Native American art immediately brings to mind a particular type of imagery.

But Native American art isn’t confined to the past. A modern crop of contemporary artists are creating daring, dazzling pieces.

“We’re really fulfilling a different perspective than the one people come in the door with,” said Jennifer Complo McNutt, curator for contemporary art at the Eiteljorg Museum. “For many people, just finding out that Native cultures are thriving is a surprise. They still make baskets and blankets and pots, but they also make very contemporary expressions. They really want to express themselves personally.”

For the past 23 years, the Eiteljorg Museum has celebrated and supported contemporary Native American artists. The Eiteljorg Contemporary Art Fellowship has provided grants to modern artists, allowing them to further explore their artwork and pursue it professionally.

Now, 39 works from those artists will be part of a major exhibition, Native Art Now! The show is at the Eiteljorg through Jan. 28, before becoming a traveling exhibition showcasing the best of Native American art to the rest of the country.

“Contemporary Native art is contemporary art. The interesting thing about it, you don’t have to know a lot about Native culture to appreciate it. You can appreciate it as an art lover,” McNutt said. “Then when you add that layer of where it’s coming from, and the fact that the artists know so much about the history of their people, their ancestry, their traditions.”

The impetus for the exhibition is the Eiteljorg’s contemporary art fellowship. Every other year since 1999, five Native artists have been chosen for the fellowship. Each is provided with a $25,000 grant and is supported as they further pursue their art.

The Eiteljorg also has purchased more than 200 pieces of contemporary art since the program started and received another approximately 200 pieces as gifts. That has left its permanent collection as one of the best repositories of contemporary Native art in the world, McNutt said.

“As we’re coming up on our 10th round, we decided that instead of putting together another smaller exhibition, we put together this traveling exhibition from our permanent collection,” she said.

The show will include a diverse range of work, including paintings, sculpture, multi-media art and photography. Jim Denomie’s colorful “Blue Eyed Chief” is a surreal portrait tinged in purple, teal and multiple shades of blue. “Feather Canoe,” created by Ho-Chunk artist Truman Lowe, is a seemingly simple creation blending willow limbs and goose feathers.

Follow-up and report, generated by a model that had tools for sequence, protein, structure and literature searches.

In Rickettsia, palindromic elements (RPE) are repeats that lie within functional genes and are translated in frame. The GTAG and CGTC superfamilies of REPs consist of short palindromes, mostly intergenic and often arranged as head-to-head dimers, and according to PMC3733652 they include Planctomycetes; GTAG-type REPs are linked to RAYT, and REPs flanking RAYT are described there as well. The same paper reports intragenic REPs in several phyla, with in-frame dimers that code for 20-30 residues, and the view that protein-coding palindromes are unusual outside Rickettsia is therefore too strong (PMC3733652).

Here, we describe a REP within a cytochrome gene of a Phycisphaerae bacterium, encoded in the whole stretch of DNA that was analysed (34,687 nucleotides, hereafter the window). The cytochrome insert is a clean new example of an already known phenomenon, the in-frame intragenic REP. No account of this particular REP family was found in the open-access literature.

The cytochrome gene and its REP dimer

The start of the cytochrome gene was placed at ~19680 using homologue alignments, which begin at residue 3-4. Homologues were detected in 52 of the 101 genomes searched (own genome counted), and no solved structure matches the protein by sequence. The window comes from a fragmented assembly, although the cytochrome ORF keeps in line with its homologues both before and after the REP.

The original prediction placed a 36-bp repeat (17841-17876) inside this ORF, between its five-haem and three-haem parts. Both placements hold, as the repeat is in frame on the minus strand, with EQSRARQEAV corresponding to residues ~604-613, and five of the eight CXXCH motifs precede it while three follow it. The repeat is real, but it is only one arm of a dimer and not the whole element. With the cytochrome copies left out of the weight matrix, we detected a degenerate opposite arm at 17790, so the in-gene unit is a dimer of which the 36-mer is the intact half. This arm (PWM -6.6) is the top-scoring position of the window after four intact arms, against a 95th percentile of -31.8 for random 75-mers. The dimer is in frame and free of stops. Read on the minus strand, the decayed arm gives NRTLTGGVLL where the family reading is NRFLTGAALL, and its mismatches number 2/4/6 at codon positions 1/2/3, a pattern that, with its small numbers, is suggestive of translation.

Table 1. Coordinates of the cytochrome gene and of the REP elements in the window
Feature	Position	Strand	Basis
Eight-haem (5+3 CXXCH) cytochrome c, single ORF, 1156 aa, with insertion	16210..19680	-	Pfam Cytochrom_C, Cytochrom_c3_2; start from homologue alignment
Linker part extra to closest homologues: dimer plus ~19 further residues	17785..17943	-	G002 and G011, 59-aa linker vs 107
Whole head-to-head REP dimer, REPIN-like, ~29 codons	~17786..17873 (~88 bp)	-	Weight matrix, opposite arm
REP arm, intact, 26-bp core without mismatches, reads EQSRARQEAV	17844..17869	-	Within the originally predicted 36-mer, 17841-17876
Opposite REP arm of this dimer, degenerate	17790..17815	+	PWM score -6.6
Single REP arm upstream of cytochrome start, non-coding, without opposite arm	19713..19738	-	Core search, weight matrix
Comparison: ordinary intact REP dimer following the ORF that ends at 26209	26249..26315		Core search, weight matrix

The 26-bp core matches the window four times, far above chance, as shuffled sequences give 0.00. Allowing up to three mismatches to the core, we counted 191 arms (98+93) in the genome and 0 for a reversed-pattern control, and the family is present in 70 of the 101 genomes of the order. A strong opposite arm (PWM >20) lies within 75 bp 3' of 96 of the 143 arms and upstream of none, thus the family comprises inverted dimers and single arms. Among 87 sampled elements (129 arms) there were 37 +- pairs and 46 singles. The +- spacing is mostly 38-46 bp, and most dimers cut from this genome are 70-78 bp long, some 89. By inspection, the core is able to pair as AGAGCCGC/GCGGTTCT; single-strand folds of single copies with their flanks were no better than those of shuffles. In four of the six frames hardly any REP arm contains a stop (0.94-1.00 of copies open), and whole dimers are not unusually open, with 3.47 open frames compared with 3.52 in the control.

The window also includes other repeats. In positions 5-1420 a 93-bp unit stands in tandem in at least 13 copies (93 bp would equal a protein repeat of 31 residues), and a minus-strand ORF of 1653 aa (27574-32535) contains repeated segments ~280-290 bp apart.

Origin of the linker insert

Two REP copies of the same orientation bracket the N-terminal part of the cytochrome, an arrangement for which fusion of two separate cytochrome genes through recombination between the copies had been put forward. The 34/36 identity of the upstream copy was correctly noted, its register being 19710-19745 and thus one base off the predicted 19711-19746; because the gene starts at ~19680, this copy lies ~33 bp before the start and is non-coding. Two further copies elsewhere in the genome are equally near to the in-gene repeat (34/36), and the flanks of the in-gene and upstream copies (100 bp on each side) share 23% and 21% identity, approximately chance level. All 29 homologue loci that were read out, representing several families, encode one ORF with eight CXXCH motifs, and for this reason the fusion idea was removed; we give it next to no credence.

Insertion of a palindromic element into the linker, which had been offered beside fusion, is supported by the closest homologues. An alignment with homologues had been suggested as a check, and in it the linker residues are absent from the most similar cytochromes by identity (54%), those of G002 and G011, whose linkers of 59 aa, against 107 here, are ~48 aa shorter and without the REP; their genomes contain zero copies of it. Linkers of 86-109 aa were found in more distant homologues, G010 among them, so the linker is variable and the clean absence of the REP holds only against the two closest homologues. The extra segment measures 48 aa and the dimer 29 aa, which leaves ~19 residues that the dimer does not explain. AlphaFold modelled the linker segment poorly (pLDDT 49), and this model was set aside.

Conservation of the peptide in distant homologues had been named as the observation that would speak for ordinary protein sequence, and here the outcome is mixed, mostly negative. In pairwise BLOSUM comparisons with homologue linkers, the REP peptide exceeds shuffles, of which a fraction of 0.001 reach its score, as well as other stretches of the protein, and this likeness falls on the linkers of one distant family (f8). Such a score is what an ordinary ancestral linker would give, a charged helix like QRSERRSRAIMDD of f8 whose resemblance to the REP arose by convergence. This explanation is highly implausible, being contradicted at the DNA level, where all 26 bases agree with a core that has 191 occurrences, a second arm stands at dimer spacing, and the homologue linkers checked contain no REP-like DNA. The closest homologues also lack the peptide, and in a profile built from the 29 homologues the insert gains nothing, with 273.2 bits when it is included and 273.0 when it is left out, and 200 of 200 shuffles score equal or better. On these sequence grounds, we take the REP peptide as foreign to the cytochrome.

The deep blue of Joe Feddersen’s “Changer 3” features Native iconography etched into blown glass.

“After seeing this, I hope they have a greater understanding of Native people, and a great appreciation of art in general, particularly contemporary Native art,” McNutt said. “And if you’re from this state, you should have a sense of pride, that we’ve put together this collection here. It’s something people can be proud of.”

The exhibition opened Nov. 11 with a retrospective celebration and summit for artists, scholars and others involved in the contemporary art world.

To go with the exhibition, the Eiteljorg and WFYI have worked together on a documentary focusing on the fellowship, impact and evolution of contemporary Native American art.

Filmmakers traveled to places such as the Santa Fe Indian Market in New Mexico and Portland, Oregon, to interview artists, writers and collectors. The documentary will be aired locally at 8 p.m. Dec. 14 on WFYI and is expected to be shown nationally in 2018.

“It’s been a very rich experience. We have a lot of friends already in the field, but we’re also making new friends,” McNutt said. “This isn’t just about the Eiteljorg, it’s about the field of contemporary art in general. We really wanted to promote all contemporary Native artists.”

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Ryan Trares is a reporter for the Daily Journal. He can be reached at or 317-736-2727.